An international team, led by British researchers, has developed a simple blood test which may be able to rapidly diagnose, detect and distinguish between 18 infectious or inflammatory diseases -- including group B Streptococcus (GBS), respiratory syncytial virus (RSV), and tuberculosis.
Using a single sample of blood, the test could enable clinicians to diagnose the cause of fever based on the distinctive pattern of genes being "switched on or off" by the body in response to specific illnesses.
While current tests for some of the conditions can take several hours, days or even weeks, a test-based on this approach would be capable of providing a result in under 60 minutes.
Researchers from Imperial College London explained that a diagnostic test based on patients' gene expression could drastically improve the diagnosis of childhood diseases, reduce delayed and missed diagnoses, and have a significant impact on health care, especially in developing regions.
"Despite huge strides forward in medical technology, when a child is brought into hospital with a fever, our initial approach is to treat based on the doctors' 'impression' of the likely causes of the child's illness," said Professor Michael Levin, from the Imperial’s Department of Infectious Disease.
"As clinicians, we need to make rapid decisions on treatment, often just based on the child's symptoms, information from the parents, and our medical training and experience," he added, "but we may not know whether a fever is bacterial, viral, or something else until hours or days after a child has been admitted, when their test results come back."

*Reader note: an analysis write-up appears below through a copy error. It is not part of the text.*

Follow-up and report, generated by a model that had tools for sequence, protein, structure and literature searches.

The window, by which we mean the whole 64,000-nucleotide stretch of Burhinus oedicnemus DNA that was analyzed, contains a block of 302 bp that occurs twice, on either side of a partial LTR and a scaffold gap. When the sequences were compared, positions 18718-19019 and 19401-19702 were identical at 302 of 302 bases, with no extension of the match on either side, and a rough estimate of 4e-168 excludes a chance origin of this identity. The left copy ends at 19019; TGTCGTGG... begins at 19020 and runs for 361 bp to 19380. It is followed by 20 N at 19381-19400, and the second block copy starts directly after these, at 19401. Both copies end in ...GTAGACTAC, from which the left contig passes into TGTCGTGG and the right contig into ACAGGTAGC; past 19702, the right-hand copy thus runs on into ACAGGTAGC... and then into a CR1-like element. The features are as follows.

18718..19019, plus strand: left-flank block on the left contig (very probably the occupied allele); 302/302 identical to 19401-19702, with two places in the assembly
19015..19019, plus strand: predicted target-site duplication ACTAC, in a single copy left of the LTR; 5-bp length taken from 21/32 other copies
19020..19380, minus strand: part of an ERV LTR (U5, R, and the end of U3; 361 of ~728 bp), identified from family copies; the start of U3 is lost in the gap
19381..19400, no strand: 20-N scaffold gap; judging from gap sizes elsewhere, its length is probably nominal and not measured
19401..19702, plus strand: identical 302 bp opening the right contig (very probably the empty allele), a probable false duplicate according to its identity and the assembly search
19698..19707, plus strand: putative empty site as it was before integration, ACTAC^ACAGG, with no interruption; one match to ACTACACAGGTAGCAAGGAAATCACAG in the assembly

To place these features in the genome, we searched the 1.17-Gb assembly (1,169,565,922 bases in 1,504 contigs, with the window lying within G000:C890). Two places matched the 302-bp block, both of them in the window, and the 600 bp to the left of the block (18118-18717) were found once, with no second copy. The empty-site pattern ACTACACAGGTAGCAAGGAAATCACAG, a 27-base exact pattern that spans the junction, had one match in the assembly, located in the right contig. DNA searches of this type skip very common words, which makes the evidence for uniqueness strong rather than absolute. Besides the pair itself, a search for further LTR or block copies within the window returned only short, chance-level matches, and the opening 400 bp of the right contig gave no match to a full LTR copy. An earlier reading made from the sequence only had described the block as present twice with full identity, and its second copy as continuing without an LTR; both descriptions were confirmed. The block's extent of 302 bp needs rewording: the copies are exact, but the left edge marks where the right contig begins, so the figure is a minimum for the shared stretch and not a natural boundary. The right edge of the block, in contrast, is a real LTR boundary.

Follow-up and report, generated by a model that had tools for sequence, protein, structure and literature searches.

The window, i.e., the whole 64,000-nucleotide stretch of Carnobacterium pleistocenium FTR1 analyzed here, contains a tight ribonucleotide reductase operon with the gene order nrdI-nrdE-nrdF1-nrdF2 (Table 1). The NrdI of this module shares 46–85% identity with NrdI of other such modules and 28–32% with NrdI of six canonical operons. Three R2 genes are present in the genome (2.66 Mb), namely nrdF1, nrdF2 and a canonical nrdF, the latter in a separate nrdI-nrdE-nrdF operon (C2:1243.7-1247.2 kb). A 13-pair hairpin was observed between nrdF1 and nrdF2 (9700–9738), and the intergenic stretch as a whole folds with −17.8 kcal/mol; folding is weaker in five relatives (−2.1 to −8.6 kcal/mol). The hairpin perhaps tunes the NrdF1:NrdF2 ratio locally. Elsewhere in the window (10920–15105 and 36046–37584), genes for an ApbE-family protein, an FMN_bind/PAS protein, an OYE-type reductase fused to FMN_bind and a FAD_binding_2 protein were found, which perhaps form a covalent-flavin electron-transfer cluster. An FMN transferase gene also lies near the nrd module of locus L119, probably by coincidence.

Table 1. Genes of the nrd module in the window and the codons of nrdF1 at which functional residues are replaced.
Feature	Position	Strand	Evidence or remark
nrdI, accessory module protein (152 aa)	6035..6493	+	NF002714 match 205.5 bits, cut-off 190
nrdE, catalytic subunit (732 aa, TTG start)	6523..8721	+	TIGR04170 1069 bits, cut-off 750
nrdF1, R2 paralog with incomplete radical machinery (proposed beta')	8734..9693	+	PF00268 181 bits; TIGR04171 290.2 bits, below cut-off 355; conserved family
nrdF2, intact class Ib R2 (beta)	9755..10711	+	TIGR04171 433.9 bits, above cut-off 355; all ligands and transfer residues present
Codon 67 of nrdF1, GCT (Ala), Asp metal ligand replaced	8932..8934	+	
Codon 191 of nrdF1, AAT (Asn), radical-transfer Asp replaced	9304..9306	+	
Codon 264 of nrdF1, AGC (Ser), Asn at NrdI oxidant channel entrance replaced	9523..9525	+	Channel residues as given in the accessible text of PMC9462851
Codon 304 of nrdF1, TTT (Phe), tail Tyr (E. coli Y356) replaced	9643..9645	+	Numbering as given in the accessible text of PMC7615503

"Such delays can stop patients getting the right treatment early on, so there is a clear and urgent need to improve diagnostics. Using this new approach, once it's translated to near point of care devices, could be transformative for health care."
In the study, researchers explored an approach focused on detecting the pattern of a patient's gene expression in blood that occurs in response to specific infections and inflammatory conditions.
Using data from thousands of patients (including more than 1,000 children with 18 infectious or inflammatory diseases) the team was first able to identify which key genes were switched "on" or "off" in response to a range of illnesses -- providing a molecular signature of disease.
Machine learning was then applied to identify which patterns of gene expression corresponded to the specific disease areas and pathogens -- focusing in on a panel of 161 genes for 18 conditions.
This panel was further validated in a cohort of 411 paediatric patients admitted to hospital with sepsis or severe infections (representing 13 of the 18 diseases), where gene expression was captured from blood analysis, and where diagnoses were made using current gold standard clinical methods.